Now that the Pacers have been sitting at home for over a month after being eliminated by the Miami Heat, the focus is back on Oladipo, and it’s become clear that his antics weren’t enough to swing the tides. Today’s reports indicate that Indiana’s General Manager, and President, Chad Buchanan, and Kevin Pritchard may have pulled Oladipo’s last straw. Another star player wants to leave Indiana.
While it’s obviously not the optimal case for Pacers fans, their team even without Oladipo is certainly a perennial playoff team, albeit stuck in the upper echelon of mediocrity. They would unequivocally be better with Oladipo on their roster, but that does not mean they should hoard him and his unhappiness for one season, if it means losing him for nothing in free agency next summer. Rather, they could look to trade him now, and get pieces in return to help elevate their contention status.
If Indiana does indeed decide to pull the trigger on the latter course of action, there will be no shortage of suitors around the league, including but not limited to: Boston, Miami, Brooklyn, and Toronto.
With Oladipo’s contract expiring at the end of next season, teams would be able to keep their books clear for the notoriously star-studded 2021 free agency class, and of course, potentially use Oladipo as bait to lure another star next summer, if he were willing to re-sign.
So let’s have some fun: if Masai Ujiri and Bobby Webster were to decide that Oladipo will don the red and black of the Raptors next year, who would they have to send the other way?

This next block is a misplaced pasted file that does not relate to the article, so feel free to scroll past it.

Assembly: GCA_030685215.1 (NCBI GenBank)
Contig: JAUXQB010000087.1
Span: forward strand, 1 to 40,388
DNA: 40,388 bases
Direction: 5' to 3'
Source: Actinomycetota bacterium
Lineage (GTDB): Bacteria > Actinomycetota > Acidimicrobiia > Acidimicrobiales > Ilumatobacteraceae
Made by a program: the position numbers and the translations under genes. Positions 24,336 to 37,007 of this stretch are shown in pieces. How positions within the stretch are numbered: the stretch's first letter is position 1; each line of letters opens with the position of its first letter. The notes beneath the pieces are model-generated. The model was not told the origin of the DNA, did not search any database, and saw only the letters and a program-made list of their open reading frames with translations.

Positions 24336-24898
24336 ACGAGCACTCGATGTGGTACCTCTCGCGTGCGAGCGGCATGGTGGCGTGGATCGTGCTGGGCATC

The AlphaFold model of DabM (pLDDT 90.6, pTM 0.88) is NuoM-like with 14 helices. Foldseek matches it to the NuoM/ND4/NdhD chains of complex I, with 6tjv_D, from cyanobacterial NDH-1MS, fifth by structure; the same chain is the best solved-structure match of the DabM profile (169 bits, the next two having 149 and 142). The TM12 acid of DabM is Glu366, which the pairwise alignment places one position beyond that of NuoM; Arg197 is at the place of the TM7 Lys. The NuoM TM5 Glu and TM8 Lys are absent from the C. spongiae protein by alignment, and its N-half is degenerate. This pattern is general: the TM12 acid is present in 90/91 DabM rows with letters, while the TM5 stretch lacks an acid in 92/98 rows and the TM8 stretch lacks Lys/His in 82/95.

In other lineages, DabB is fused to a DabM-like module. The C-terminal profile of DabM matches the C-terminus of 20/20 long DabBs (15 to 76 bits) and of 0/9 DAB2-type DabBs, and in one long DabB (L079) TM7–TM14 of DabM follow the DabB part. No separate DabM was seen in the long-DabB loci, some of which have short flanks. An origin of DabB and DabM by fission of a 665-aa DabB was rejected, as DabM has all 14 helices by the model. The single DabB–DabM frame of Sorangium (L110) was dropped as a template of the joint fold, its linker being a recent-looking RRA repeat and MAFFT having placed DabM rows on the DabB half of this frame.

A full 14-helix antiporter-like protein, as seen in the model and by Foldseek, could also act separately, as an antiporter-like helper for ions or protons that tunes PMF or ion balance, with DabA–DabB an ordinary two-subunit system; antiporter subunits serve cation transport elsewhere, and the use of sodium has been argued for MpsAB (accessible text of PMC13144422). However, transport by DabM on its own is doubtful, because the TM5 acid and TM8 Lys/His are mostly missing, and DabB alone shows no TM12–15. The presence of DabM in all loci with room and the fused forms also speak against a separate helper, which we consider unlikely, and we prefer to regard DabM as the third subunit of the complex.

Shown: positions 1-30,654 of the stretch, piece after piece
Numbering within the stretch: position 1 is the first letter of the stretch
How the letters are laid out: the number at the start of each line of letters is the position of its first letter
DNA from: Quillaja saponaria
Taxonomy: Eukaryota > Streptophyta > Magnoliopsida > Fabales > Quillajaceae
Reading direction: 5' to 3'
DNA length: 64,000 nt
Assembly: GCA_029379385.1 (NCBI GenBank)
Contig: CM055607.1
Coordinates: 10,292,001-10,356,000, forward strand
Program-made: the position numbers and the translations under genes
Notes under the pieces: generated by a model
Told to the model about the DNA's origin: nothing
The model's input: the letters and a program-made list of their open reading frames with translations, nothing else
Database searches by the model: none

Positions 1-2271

With Oladipo set to earn $21M next season, it would be hard to match up the Raptors’ incoming and outgoing salaries given the current roster construction. The only two possible ways to work out a trade would be if Toronto were willing to part with Pascal Siakam or Kyle Lowry, and take back a larger package of Oladipo and one of Doug McDermott, T.J. Warren, or Jeremy Lamb in return, or if Toronto were to call in a massive offer of Norman Powell, OG Anunoby, Patrick McCaw, and some filler salary to get the deal done for Oladipo straight up. Both of these options are highly unlikely to come to fruition.
The third way that the Raptors could creatively land Oladipo would be to sign-and-trade Fred VanVleet to the Pacers. VanVleet would fit perfectly with Indiana’s current core of Malcolm Brogdon, T.J. Warren, and Domantas Sabonis, both age-wise, and style-wise. If need be, the Raptors could easily attach a pick, or a pick swap to sweeten the pot for Buchanan and Pritchard to say yes.
The only complication with a sign-and-trade is that the Raptors and Pacers would have to co-convince Fred VanVleet to go play in Indiana. As an unrestricted free agent himself, VanVleet can choose to play wherever he wants. While the Raptors may have an easier time convincing Freddy to stay North of the border, simply signing him, then subsequently and separately trading him immediately after would be illegal, as a newly-signed player must be on the roster for 90 days before being traded.
While it would be a long and difficult process to get Oladipo to Toronto, and it would mean saying goodbye to our beloved Fred VanVleet, the Raptors would find themselves right at the top of the East again with a big-three of Lowry, Oladipo, and Siakam.
Oladipo would give the Raptors another much-needed shot maker, and someone else to penetrate defenses other than Lowry. He’s a defensive stud, which is an imperative quality to have if you want to see floor time in Toronto, and he’s a great cultural fit. Plus, he’s already buddies with OG Anunoby, as they’re both Indiana Hoosiers alumni.
OG!!!!! BIG TIME!!!!
— Victor Oladipo (@VicOladipo) September 4, 2020
Toronto has already swung for the fences once and capitalized big-time by trading for an undervalued, injured superstar. With Oladipo, they might just strike gold again.